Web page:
How to find sequence patterns in genome?
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6.0 years ago
Parham ★ 1.6k

Hi,

I want to find a pattern of sequence in a genome. Let's say to find following pattern (G4N(1-10))5 that translates to 4 Guanines followed by 1 to 10 bases of either A or T or G or C and then this pattern repeated for 5 times. 

I have FASTA file of the organism that I work with and I have basic knowledge of Python and regex. Is there a package or library that does the task or should I write whole code for myself. Initially I only want to know how many of the pattern exist in the reference sequence, but later it will be beneficial to know the start and stop positions as well. 

Thanks for help in advance!

pattern genome • 3.2k views
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6.0 years ago

Here is a simple template script that prints the coordinates of the matching pattern. This finds the pattern only ones, in a bed format. You could explore it more.

https://gist.github.com/gouthamatla/066f3607b5f96012b4dc

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Thanks for sharing it.

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6.0 years ago

FIMO seems to fit and can use regex and WM as input.

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I cannot figure out how it uses regex. Every regex function that I use the motif becomes red which means its not acceptable. I am trying to Make motif of three Gs and then up to 20 nucleotids any thing (ACGT) and then 4 Gs again.

But it seems I cannot write something like G{3}N{1,20}G{3}. Do you know what I am missing?

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Maybe nothing, I think fimo doesn't support extended posix expressions.

Dreg from EMBOSS supports PCRE expressions as a command line program, otherwise perl, python, php do all provide extended regular expressions. Here is a web server.

Note, dreg and standard pcre do not know about ambiguity codes, so you have to say [ACGT] if you want to match all nucleotides or [ACGTNYRW ...] or simply . if your sequence contains ambiguity codes itself.

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Dreg is great. I used the command line version and it does what I need. Thanks for recommending it.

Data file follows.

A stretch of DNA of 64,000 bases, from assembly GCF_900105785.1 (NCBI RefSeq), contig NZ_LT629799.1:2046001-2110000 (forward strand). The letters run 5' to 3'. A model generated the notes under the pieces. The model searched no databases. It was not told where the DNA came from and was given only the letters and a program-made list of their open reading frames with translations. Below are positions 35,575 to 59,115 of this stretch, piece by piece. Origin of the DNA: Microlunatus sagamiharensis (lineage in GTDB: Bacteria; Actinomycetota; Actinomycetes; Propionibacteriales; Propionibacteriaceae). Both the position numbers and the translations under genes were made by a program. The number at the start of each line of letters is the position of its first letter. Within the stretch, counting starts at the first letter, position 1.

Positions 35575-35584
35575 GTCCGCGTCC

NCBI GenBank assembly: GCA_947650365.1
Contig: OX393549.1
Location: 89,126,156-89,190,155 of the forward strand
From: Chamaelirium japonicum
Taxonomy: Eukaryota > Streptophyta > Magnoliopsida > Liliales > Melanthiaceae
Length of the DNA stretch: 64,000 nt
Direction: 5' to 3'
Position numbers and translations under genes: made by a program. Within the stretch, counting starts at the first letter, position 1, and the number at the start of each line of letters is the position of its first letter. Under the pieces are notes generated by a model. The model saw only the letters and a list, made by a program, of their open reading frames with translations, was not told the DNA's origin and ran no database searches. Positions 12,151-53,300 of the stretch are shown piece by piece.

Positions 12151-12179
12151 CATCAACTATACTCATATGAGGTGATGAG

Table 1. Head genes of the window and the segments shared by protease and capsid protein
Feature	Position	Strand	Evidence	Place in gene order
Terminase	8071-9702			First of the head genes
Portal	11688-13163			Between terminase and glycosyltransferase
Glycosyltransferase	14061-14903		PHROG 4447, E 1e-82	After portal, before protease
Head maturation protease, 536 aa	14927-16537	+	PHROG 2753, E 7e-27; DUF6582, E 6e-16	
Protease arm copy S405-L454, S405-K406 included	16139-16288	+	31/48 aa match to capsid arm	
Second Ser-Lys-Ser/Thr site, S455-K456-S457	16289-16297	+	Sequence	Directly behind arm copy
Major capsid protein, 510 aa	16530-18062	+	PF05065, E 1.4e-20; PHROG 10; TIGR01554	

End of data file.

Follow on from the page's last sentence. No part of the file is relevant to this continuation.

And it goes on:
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Regexes are explicit: 'N' doesn't mean any nucleotide, it means the character N. Try '[ACGT]' instead.

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Indeed fimo can interpret IUPAC ambiguity codes correctly, while PCRE based programs do not. Fimo doesn't support the {1,20} occurrence range options of PCREs though.

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No I didn't use N for regex. N is used instead of any base according to FIMO manual. Cheers!

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6 weeks ago
Wayne ▴ 640

The pattern matching tool offered by the Saccharomyces Genome Database (SGD) and other genome sites has PatMatch as the basis.

The Saccharomyces Genome Database (SGD) has a nice, concise guide to the syntax for PatMatch patterns . PatMatch patterns allow use of N or X or . as any residue or base, and thus are more familiar to biologists than regular expressions. PatMatch allows use of IUPAC ambiguity codes.

You can run the PatMatch software yourself and I have a Github repository where you can easily launch environments served via the MyBinder.org service with PatMatch already installed . The launched sessions include several notebooks demonstrating how to use it with any genome sequence you can provide, as well as how to combine PatMatch results with Python for downstream analysis. Go to my patmatch-binder repo, click on the launch binder badge, and work through the Jupyter notebooks once the session launches.

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